World Bank calls for $90 tn in climate funding by 2030, here's what that means

These investments, the World Bank found, can be recovered through transition towards green economy. This transition can create newer economic opportunities and jobs, it added.

IANSUpdated: Sunday, November 13, 2022, 02:49 PM IST
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As world leaders huddle together in Egypts Sharm El-Sheikh to chalk out strategies to mitigate the impact of climate change by reducing emissions, financial support is needed to address these concerns.

To reduce emissions, suitable infrastructure needs to be built to promote green energy. For this purpose, according to World Bank data, all the countries need to make investments to the tune of $90 trillion by 2030.

These investments, the World Bank found, can be recovered through transition towards green economy. This transition can create newer economic opportunities and jobs, it added.

This concept is known as climate funding and it is one of the significant agenda items of the ongoing COP27 summit.

"The world leaders who are meeting in Sharm El-Sheikh, Egypt to discuss the global climate negotiation during COP27, must acknowledge that the climate crisis needs immediate systemic solutions rather than more announcements without any impactful action. They must deliver and align with the principle of loss and damage, mitigation and adaptation, and climate justice. All countries should contribute in a just and fair manner to phase out fossil fuels dependance and implement strict actions to halve emissions by 2030, on the way to phasing out emissions completely," said Avinash Kumar, Lead, climate and energy campaign at Greenpeace India.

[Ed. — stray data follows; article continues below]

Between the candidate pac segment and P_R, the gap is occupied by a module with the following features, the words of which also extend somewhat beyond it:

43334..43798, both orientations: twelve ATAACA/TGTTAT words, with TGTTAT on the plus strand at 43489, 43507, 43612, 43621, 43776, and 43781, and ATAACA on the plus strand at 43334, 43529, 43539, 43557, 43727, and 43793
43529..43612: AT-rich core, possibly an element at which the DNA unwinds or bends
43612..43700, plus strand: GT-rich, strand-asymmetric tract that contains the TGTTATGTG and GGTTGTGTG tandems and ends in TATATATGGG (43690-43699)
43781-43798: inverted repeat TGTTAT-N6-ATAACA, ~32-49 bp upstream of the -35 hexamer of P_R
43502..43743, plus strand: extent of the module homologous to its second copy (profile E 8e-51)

Responding to the climate crisis requires collective action from all countries, cities, financial actors, businesses, and private citizens.

Among these concerted efforts, developed countries had committed to jointly mobilise $100 billion per year by 2020, from a variety of sources, to address the pressing mitigation and adaptation needs of developing countries, the United Nations said.

There has been a surge in interest from companies and some major investors in adopting sustainable business plans that are compatible with a 1.5 degrees Celsius future, as decision-makers recognise the vast growth opportunities ahead in the global transition to a decarbonized economy by 2050.

However, much wider progress is needed, and the journey of companies and investors, in aggregate, is only in its early stages, the UN further noted.

Major pensions funds and investments firms, who acknowledge that their portfolios are now more aligned with a 3.5 degree future, are now starting to move at scale by working with the asset managers and companies in their portfolios to decarbonise and align with net zero targets.

Kumar however informed that most developed countries did not meet their commitment to mobilise $100 billion per year by 2020 to support developing countries to mitigate and adapt to climate change.

"They are certainly not doing enough on their commitments. This (COP27 summit) is the last chance for developed countries to ensure low-income countries have access to the necessary resources to prepare themselves for the adverse effects of climate change and to decarbonise their economies.

"The next few years are going to be crucial to tackle climate change. There is an urgent need to transform sectors such as energy, transport, agriculture, food, land use etc. from carbon-intensive to carbon sequestering," he cautioned.

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